As more companies, including start-ups, go global, more and more teams have become dispersed across multiple sites, time-zones, and cultures. This presents a real challenge to leaders.
In particular, being physically distant from people on your team makes regular communication much more challenging. It requires leaders to become great communicators via several different mediums, including phone, e-mail, video call, and IM.
It also makes it harder to achieve good alignment and cooperation among members of the team. This, in turn, can adversely affect the team’s performance and morale.
From my own experience in leading global teams, spread over multiple locations including the US, Germany, Holland, France, Israel, Taiwan, Japan, China, Hong Kong, Korea, Singapore, and India, I can share with you the following lessons and best practices.
To effectively lead and develop a high-performance global team you must first recognize and understand the cultural differences between team members from different sites. It’s important to communicate and interact with each person in a manner that matches and respects their cultural background, customs, and values.
Despite today’s rapid globalization, there is no “one leadership style fits all”. An approach that may be effective in the US will not be as effective in Israel or Europe. Similarly, what works in Israel and Taiwan doesn’t work for India, and may be viewed as impolite in Japan.
For more tips on cultural awareness, I recommend the following article: Three Traps Facing New Global Leaders, by Saj-Nicole Joni.
Set and clarify team goals and objectives
I suggest doing it in face-to-face team discussions. It’s important that all members of the team understand its goals and objectives, and sign up to them. They need to be clear on the purpose of the team, and your expectations from them.
It’s also important to let your team express any concerns, and share any suggestions or ideas that they might have. As a leader, you should actively listen, address any concerns, and incorporate their inputs appropriately. This is where you start building trust and earning their respect.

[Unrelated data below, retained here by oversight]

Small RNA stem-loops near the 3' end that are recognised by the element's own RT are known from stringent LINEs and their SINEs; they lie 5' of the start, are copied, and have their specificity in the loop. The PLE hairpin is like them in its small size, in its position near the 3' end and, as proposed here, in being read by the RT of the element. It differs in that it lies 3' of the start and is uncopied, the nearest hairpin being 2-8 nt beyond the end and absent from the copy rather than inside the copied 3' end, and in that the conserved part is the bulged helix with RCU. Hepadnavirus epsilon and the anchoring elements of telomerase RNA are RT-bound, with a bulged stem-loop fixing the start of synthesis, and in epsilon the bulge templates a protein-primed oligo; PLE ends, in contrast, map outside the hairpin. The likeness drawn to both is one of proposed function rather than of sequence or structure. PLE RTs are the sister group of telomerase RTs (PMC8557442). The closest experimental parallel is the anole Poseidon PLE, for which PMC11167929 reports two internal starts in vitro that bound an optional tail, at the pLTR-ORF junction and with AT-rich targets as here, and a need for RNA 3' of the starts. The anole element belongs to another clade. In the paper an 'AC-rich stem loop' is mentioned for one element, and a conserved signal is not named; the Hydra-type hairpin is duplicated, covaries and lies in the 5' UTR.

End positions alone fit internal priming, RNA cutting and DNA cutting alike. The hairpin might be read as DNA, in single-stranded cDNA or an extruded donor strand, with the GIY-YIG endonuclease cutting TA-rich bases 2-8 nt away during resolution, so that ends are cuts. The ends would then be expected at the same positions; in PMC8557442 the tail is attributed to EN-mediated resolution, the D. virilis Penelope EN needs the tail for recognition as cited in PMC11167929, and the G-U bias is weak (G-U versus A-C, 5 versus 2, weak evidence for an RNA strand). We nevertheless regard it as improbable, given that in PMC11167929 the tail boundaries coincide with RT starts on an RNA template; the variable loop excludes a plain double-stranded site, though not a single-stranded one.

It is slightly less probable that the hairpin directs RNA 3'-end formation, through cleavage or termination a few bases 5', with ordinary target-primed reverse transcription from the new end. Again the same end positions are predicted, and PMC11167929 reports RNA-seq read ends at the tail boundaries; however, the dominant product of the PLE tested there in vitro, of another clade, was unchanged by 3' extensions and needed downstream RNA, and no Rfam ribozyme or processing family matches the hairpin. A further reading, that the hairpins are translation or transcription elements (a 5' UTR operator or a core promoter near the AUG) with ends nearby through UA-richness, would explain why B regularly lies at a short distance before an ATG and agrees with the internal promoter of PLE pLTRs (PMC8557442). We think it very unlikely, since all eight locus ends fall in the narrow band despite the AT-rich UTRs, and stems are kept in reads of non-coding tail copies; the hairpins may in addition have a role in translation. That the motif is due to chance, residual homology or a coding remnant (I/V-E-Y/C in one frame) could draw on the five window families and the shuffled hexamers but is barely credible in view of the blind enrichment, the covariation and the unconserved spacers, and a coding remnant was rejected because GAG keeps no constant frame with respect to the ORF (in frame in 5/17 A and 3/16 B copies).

Define clear role and responsibilities for each team member
Then, let her define her own goals and objectives, derived from those of the team, and based on her role. Add your inputs if needed. It’s important that these goals be specific and clear to both of you. This will help eliminate possible confusion and misunderstandings later. Be sure to clarify your expectations, in terms of performance, communication, and contribution.
It’s critical that each member on the team takes ownership of her respective goals, as well as the team’s. Moreover, it’s important that every team member understands how her role contributes to the team’s performance and the company’s success.
Schedule a weekly call with each team member
The purpose of these calls should be to provide mutual updates, coaching, and mutual feedback.
It’s a great opportunity to learn of any issues that may need your attention or action. It’s also an excellent opportunity to provide and receive timely feedback. Such feedback will help your team member improve his performance. Consequently, it will help you improve the overall team performance, as well as your own.
The outcome of this one-on-one call should be a specific, prioritized and mutually agreed to plan of action for the next two weeks.
Schedule periodic face-to-face team meetings
Perhaps once a quarter or every six months. These meetings should address team related topics, such as goals, planning, as well as team building activities.
It’s important for team members to spend time together. This helps build trust, and improve their communication and cooperation. It also gives them the important feeling of being part of a team.
Visit your team at their sites
At least once a quarter, make sure you visit each of the sites. Nothing builds trust and relationships like showing your personal commitment to the team. You can demonstrate it by taking the time and making the effort to visit with them. Make a point of having some social time, such as a dinner, or other social activity in each site.
Such visits will enable you to get to know better each person on your team. It will allow you to develop your relationship with them, and learn more about the culture of each site. This will enable you to be more effective as the team leader.
I’m confident that the above practices will help you build a high-performance global team, with motivated and engaged people. This will add significant value to your organization and to you as a leader.